The wheel of causation
The wheel of causation
According to Stanhope and Lancaster (2010) the web of causation “…recognizes the complex interrelationships of many factors interacting, sometimes in subtle ways, to increase (or decrease) the risk of disease” (p. 163). All things that can affect risk of disease are divided into one of three categories, agents, host, or environment. Examples of agents include infectious agents such as bacteria and viruses, chemical agents such as heavy metals and pesticides, or physical agents such as heat, cold, or radiation. Host factors include genetic susceptibility, physical characteristics such as age, sex, or immunization status and lifestyle habits such as being a smoker, or being inactive versus active. Finally environment includes climate, human population distribution, socioeconomic factors, and working conditions. The wheel of causation, an alternative model, according to Harkness and DeMarco (2012), “…de-emphasizes the agent as the sole cause of disease, whereas it emphasizes the interplay of physical, biological, and social environments” (p.94).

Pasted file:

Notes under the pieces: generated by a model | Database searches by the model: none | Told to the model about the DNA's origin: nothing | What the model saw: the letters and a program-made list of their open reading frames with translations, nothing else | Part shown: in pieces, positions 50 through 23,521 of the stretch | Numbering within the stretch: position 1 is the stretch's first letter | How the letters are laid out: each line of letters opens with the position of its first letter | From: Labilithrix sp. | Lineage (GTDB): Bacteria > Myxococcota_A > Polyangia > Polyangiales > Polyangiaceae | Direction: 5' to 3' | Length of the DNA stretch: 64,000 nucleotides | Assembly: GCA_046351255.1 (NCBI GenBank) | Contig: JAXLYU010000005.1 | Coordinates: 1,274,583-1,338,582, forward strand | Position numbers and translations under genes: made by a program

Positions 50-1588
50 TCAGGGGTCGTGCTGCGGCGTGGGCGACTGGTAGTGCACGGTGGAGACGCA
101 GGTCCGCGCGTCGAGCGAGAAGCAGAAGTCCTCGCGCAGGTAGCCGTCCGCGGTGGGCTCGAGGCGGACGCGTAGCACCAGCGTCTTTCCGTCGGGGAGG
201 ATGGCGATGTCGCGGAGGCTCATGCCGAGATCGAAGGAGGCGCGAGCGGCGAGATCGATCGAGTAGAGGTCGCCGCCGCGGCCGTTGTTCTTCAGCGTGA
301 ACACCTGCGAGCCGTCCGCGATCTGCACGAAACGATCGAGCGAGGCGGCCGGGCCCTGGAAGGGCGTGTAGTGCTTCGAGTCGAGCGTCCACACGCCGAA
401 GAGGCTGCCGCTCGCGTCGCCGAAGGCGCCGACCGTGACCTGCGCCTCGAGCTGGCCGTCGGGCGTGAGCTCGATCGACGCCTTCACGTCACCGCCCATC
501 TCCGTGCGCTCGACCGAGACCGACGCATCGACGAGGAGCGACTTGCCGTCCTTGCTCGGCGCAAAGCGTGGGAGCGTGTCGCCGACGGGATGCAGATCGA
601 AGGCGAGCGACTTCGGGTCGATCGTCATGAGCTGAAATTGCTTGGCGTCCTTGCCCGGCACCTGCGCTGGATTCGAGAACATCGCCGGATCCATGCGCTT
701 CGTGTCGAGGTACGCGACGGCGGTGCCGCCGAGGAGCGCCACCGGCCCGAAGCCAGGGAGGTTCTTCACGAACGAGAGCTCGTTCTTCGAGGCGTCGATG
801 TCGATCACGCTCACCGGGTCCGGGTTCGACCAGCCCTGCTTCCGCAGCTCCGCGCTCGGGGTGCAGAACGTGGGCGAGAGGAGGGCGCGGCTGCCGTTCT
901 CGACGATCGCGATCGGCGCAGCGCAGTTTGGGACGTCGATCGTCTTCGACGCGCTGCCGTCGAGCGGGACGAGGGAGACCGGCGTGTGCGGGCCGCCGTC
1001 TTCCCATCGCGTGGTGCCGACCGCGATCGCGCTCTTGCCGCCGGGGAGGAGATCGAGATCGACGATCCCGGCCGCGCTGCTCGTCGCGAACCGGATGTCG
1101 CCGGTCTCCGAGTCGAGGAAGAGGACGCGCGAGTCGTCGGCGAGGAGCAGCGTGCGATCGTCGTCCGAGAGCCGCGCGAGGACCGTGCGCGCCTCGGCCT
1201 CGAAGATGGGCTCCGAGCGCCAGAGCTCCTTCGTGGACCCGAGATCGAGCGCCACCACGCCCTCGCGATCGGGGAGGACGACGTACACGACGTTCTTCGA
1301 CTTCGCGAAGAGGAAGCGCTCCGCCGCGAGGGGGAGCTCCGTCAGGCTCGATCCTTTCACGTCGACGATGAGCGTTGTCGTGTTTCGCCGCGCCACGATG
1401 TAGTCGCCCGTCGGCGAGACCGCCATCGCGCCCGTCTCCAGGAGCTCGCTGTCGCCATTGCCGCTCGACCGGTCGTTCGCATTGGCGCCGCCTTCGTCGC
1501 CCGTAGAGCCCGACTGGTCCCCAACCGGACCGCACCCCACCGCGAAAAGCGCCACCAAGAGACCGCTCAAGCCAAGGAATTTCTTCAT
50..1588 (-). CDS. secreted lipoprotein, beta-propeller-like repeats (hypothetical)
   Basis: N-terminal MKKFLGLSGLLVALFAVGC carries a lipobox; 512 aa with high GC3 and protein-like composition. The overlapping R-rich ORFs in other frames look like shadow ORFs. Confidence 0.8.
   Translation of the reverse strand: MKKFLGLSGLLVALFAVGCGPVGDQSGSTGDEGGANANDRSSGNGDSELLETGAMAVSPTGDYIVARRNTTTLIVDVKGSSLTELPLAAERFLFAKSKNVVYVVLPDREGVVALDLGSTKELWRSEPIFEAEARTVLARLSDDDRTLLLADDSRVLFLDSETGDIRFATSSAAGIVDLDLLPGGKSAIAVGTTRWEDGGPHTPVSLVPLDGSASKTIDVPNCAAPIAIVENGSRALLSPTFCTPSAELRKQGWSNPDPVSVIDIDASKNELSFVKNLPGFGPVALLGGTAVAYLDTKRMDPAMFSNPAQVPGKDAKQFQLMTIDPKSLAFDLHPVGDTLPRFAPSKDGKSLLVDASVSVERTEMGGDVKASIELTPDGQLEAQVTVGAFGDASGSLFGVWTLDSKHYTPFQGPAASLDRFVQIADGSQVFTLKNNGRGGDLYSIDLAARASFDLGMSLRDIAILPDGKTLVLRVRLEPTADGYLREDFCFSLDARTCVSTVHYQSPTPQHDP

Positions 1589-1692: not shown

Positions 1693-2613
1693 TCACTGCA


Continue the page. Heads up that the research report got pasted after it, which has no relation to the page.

In relation to the priority diagnosis of deficient community health related to obesity, drug, and alcohol use, the wheel of causation would focus on how the physical, biological, and social environments affect Anoka County’s residents. Because poverty is on the rise in Anoka County, this could create stress and family conflict which could potentially set the stage for alcohol or drug abuse. Additionally, a study from the World Health Organization indicated that “lower educational levels in both sexes were associated with higher obesity. Moreover, the negative association between educational attainment and obesity increased over the 10-year study period, indicating that the obesity gap between well-educated and poorly educated individuals was increasing” (2007). Additionally, because of lower educational levels, families may have decreased knowledge about nutrition therefore decreasing their ability to prepare health foods and increasing the likelihood of consumption of foods such as fast-food, takeout, or prepackaged/convenience foods.
Harkness, G. & DeMarco, R. (2012). Community and public health nursing: Evidence for practice. (p. 94). Philadelphia, PA: Wolters Kluwer Health/ Lippincott Williams & Wilkins
Stanhope, M. & Lancaster, J. (2010). Foundations of nursing in the
oriented practice. (3rd ed.), (p. 163). St. Louis, MO: Mosby/Elsevier World Health Organization (2007). Stress and obesity: Partners in disease. Retrieved from: http://www.medscape.org/viewarticle/562721